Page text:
Veritas Families' Favorite Easter Traditions

Posted by Kylee Bowman on Apr 19, 2019 6:03:00 PM

he-is-risenAs we prepare to celebrate the most joyous holiday for believers worldwide - Easter, and the resurrection of Christ - there are many ways that as families, we can honor this celebration with both joy and reverence for what the Lord has done. We asked Veritas families to share some of their most beloved traditions that help point their - and their children's - hearts toward Jesus, his sacrifice, and his triumph.

If you're looking for some inspiration for drawing more meaning out of these holy days - and making important memories - as a family, here are some ideas from Veritas parents based on what they have done over the years:

A Good Friday evening Tenebrae service

Jared and Anna Martin's family does a Tenebrae (Latin for "shadows) service that coincides with the 14 stations of the cross. Anna explains, "we light 14 candles on the coffee table in a dark room and read the scriptures leading up to the death of Jesus. As each one is read, we blow a candle out. In the end, the room is dark, my husband prays and we walk the children quietly up to bed."

Click here for a document listing each of the scriptures and suggested responses for the stations of the cross. While this service is typically considered a Catholic tradition, there is muchthat all believers can glean from meditating on the way of suffering that Jesus walked for us.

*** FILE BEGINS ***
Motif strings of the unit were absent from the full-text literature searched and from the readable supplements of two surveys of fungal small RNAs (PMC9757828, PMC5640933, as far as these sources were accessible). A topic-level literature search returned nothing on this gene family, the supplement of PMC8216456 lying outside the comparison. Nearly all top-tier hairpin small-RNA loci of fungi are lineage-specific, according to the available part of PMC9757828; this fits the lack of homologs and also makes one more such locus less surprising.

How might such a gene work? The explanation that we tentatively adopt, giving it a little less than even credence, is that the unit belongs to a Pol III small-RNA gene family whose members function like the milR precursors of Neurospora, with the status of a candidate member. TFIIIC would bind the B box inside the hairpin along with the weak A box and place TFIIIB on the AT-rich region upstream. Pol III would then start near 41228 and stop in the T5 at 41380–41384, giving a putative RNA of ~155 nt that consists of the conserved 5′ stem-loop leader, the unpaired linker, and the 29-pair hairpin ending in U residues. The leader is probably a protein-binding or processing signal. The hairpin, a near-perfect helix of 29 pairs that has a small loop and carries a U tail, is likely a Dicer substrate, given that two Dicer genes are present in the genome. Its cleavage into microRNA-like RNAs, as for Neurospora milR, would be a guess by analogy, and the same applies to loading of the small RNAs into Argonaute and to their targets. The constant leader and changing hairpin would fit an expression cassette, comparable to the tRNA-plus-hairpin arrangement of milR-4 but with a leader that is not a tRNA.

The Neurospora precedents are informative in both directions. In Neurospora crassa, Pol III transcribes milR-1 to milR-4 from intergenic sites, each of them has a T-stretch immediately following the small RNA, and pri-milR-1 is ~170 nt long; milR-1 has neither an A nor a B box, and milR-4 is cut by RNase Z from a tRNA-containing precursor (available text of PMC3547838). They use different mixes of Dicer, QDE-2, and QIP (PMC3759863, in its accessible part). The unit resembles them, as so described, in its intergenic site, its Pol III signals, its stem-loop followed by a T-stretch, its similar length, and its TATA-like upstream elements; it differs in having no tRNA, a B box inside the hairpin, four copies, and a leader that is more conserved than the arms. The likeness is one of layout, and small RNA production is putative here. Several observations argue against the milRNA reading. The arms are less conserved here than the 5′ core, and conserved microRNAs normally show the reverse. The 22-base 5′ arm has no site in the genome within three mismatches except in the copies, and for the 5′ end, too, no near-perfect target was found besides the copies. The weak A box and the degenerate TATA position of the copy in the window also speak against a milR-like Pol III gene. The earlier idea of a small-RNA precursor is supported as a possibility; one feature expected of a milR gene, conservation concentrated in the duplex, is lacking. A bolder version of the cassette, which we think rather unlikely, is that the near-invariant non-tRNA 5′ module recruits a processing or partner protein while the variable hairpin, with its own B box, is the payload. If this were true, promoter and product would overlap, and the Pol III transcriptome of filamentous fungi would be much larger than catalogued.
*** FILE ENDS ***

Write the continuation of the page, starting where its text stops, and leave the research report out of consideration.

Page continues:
Anna adds that their family's reading includes these instructions to help prepare for the service:

At the beginning of the devotion, with the room in darkness and everyone standing, light all the candles. After each of the prayers for each Station is said, a child puts out one candle, alternating left and right ends of the candelabrum. When the last Station is prayed, the candle in the center - the Light of Christ candle - is extinguished and the room is in darkness. Explain the darkness to the children by saying "Christ was the Light of the World, and when He dies, the Light was gone from the world." Then, relight only this candle.

Lighting and blowing out candles represents Jesus, the light of the world, being slain by darkness on Good FridayAfter announcing each station, genuflect and say:
V: We adore Thee, O Christ, and we bless thee
R: Because by Thy holy cross, Thou has redeemed the world

Or, in Latin:
V: Adoramus te, Christe, et benedicimus tibi.
R: Quia per sanctam crucem tuam redemisti mundum.


Resurrection Eggs

Many of our families enjoy using Resurrection eggs in the 12 days leading up to Easter, something that Veritas kindergartners do in their classroom as well! This take on the typical colorful Easter egg surprise includes 12 plastic eggs, each containing an object that coincides with Christ's minstry, death, and resurrection, along with scriptures and descriptions to read with your children as they open each egg.

Resurrection Rolls

Several families told us they like to make "Resurrection Rolls" with their kids! It's a simple and fun recipe to make (using crescent rolls, marshmallows, butter, cinnamon, and sugar) that serves as a visual representation of the empty tomb! Plus, they are a tasty treat for everyone. Find the recipe, as well as a printable with verses and instructions here.